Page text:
epitaphic /ep'i taf"ik/, adj.epitaphist, n.epitaphless, adj.
/ep"i taf', -tahf'/, n.
1. a commemorative inscription on a tomb or mortuary monument about the person buried at that site.
2. a brief poem or other writing in praise of a deceased person.
3. to commemorate in or with an epitaph.
[1350-1400; ME epitaphe < L epitaphium < Gk epitáphion over or at a tomb, equiv. to epi- EPI- + táph(os) tomb + -ion n., adj. suffix]

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Inscription in verse or prose on a tomb, or, by extension, anything written as if to be inscribed on a tomb.

Probably the earliest surviving epitaphs are those written on ancient Egyptian sarcophagi and coffins. Ancient Greek examples are often of literary interest. In Elizabethan times epitaphs began to assume a more literary character. Many of the best known are literary memorials (often deliberately witty) not intended for a tomb.

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▪ poetic form
      an inscription in verse or prose upon a tomb; and, by extension, anything written as if to be inscribed on a tomb. Probably the earliest surviving are those of the ancient Egyptians, written on the sarcophagi and coffins. Ancient Greek epitaphs are often of considerable literary interest, deep and tender in feeling, rich and varied in expression, and epigrammatic in form. They are usually in elegiac verse, though many of the later epitaphs are in prose.

      Among the most familiar epitaphs are those, ascribed to Simonides of Ceos (c. 556–468 BC), on the heroes of Thermopylae, the most famous of which has been translated thus:

Go tell the Spartans, thou that passest by
That here, obedient to their laws, we lie.

      Roman epitaphs, in contrast to the Greek, contained as a rule nothing beyond a record of facts with little variation. An inscription commonly found is “may the earth lie light upon thee.” A satiric inversion of this is seen in the epitaph by Abel Evans (1679–1737) on the English architect Sir John Vanbrugh: (Vanbrugh, Sir John)

Lie heavy on him, Earth! for he
Laid many heavy loads on thee.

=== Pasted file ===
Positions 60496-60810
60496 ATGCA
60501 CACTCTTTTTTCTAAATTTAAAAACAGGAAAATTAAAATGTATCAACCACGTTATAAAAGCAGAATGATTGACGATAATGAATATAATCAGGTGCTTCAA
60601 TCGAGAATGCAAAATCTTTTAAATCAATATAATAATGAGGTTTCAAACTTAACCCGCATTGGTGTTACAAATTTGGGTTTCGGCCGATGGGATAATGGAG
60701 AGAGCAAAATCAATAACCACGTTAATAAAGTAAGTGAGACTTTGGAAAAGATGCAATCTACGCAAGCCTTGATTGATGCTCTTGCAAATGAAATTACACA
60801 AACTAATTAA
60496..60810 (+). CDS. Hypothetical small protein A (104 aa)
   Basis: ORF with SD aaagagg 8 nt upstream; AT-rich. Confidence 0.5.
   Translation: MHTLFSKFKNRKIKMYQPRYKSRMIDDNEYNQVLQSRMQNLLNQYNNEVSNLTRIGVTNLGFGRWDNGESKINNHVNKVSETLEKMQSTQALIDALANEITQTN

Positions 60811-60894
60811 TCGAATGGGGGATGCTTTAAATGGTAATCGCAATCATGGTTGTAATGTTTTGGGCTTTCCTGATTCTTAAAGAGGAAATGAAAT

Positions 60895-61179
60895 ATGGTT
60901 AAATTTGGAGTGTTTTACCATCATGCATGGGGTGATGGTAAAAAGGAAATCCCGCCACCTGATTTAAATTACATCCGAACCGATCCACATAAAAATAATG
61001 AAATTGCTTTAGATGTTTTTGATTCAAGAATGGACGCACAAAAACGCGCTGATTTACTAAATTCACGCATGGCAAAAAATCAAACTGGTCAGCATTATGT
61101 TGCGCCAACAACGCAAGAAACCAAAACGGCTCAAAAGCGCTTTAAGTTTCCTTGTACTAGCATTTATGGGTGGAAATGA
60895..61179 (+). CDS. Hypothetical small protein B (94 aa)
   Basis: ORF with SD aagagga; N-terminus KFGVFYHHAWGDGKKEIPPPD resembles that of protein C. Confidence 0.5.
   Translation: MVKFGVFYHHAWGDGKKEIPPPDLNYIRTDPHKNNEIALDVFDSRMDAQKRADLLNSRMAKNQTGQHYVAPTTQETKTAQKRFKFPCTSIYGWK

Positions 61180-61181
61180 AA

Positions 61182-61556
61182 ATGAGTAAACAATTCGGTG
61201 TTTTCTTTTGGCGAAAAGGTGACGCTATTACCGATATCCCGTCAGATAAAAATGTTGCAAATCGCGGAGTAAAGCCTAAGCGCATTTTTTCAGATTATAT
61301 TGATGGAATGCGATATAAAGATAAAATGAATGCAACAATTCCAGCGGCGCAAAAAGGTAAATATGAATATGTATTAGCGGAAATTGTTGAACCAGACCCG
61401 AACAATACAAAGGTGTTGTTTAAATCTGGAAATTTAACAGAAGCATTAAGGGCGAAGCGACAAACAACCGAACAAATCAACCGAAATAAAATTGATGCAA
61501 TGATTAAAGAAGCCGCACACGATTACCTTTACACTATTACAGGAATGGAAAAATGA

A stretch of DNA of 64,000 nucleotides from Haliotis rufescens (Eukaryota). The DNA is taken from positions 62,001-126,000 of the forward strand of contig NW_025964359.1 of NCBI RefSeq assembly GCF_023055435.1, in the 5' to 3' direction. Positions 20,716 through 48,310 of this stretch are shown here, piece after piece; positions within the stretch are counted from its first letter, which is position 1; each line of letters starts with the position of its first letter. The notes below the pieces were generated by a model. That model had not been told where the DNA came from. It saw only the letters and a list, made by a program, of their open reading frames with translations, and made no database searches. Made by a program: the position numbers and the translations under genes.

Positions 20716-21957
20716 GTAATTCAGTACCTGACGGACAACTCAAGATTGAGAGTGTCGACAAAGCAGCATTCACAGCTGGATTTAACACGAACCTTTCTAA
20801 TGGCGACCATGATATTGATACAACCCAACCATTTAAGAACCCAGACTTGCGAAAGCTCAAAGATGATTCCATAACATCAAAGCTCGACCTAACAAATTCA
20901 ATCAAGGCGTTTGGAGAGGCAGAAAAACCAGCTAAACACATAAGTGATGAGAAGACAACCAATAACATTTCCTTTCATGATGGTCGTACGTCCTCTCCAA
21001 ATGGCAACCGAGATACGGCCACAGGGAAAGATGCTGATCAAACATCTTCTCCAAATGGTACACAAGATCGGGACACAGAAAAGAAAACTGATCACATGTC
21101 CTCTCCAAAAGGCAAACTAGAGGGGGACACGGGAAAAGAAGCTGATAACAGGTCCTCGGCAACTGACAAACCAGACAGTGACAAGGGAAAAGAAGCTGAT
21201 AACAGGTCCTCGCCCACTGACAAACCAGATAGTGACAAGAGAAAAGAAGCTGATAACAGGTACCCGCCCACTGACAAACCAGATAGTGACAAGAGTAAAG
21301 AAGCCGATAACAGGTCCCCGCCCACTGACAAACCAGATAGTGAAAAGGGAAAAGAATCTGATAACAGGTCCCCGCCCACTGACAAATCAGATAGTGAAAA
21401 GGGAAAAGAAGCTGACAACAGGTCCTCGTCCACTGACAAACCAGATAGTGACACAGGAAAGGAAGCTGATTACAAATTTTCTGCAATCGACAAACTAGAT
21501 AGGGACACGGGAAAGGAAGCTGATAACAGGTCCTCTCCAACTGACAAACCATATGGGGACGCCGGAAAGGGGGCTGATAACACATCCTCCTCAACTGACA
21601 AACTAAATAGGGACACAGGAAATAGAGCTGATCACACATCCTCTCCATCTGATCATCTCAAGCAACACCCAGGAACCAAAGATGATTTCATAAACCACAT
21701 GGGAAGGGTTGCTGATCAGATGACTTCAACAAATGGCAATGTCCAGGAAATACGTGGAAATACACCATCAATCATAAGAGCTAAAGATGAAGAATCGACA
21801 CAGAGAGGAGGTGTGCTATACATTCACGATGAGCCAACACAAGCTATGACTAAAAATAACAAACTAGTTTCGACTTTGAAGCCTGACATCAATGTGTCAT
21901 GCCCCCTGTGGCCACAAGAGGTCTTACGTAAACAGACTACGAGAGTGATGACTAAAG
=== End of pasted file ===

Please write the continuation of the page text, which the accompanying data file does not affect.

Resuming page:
Many Roman epitaphs included a denunciation on any who should violate the sepulchre; a similar later denunciation is found on William Shakespeare's (Shakespeare, William) tomb:

Good friend, for Jesus's sake forbear
To dig the dust enclosed here;
Blest be the man that spares these stones,
And curst be he that moves my bones.

      The oldest existing epitaphs in Britain (United Kingdom) are those of the Roman occupiers and are, of course, in Latin, which continued for many centuries to be the preferred language for epitaphs. The earliest epitaphs in English churches are usually a simple statement of name and rank, with the phrase hic jacet (“here lies”). In the 13th century, French came into use (on, for example, the tomb of Henry III at Westminster). The use of English began about the middle of the 14th century, but as late as 1776, Samuel Johnson, asked to write an English epitaph for Oliver Goldsmith, replied that he would never consent to disgrace the walls of Westminster Abbey with an English inscription. A familiar 18th-century epitaph was the one of 12 lines ending Thomas Gray's “An Elegy Written in a Country Church Yard.” Perhaps the most-noted modern epitaph was that written by William Butler Yeats (Yeats, William Butler) for himself in “Under Ben Bulben”:

Cast a cold eye
On life, on death.
Horseman, pass by!

      Most of the epitaphs that have survived from before the Protestant Reformation were inscribed upon brasses. By Elizabethan times, however, epitaphs upon stone monuments, in English, became much more common and began to assume a more literary character. Thomas Nashe tells how, by the end of the 16th century, the writing of verse epitaphs had become a trade. Many of the best-known epitaphs are primarily literary memorials, not necessarily intended to be placed on a tomb. Among the finest are those by William Browne, Ben Jonson, Robert Herrick, John Milton, and Robert Louis Stevenson. Alexander Pope wrote several epitaphs; they inspired one of the few monographs on the subject—Samuel Johnson's examination of them in The Universal Visiter for May 1756.

      Semiliteracy often produces epitaphs that are comic through grammatical accident—for example, “Erected to the memory of / John MacFarlane / Drowned in the Water of Leith / By a few affectionate friends.” Far more common, though, are deliberately witty epitaphs, a type abounding in Britain and the United States in the form of acrostics, palindromes, riddles, and puns on names and professions. Benjamin Franklin's (Franklin, Benjamin) epitaph for himself plays on his trade as a printer, hoping that he will “appear once more in a new and more beautiful edition, corrected and amended by the Author”; and that of the antiquary Thomas Fuller (Fuller, Thomas) has the inscription “Fuller's Earth.” Many offer some wry comment, such as John Gay's (Gay, John) epitaph:

Life is a jest, and all things show it;
I thought so once, and now I know it.

      The epitaph was also seen as an opportunity for epigrammatic satire, as in the Earl of Rochester's lines on Charles II: “He never said a foolish thing / Nor ever did a wise one.”

      The art of the epitaph was largely lost in the 20th century. Some notable examples of humorous epitaphs were suggested, however, by the 20th-century writer Dorothy Parker; they include “I told you I was sick” and “If you can read this, you're standing too close.”

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Universalium. 2010.

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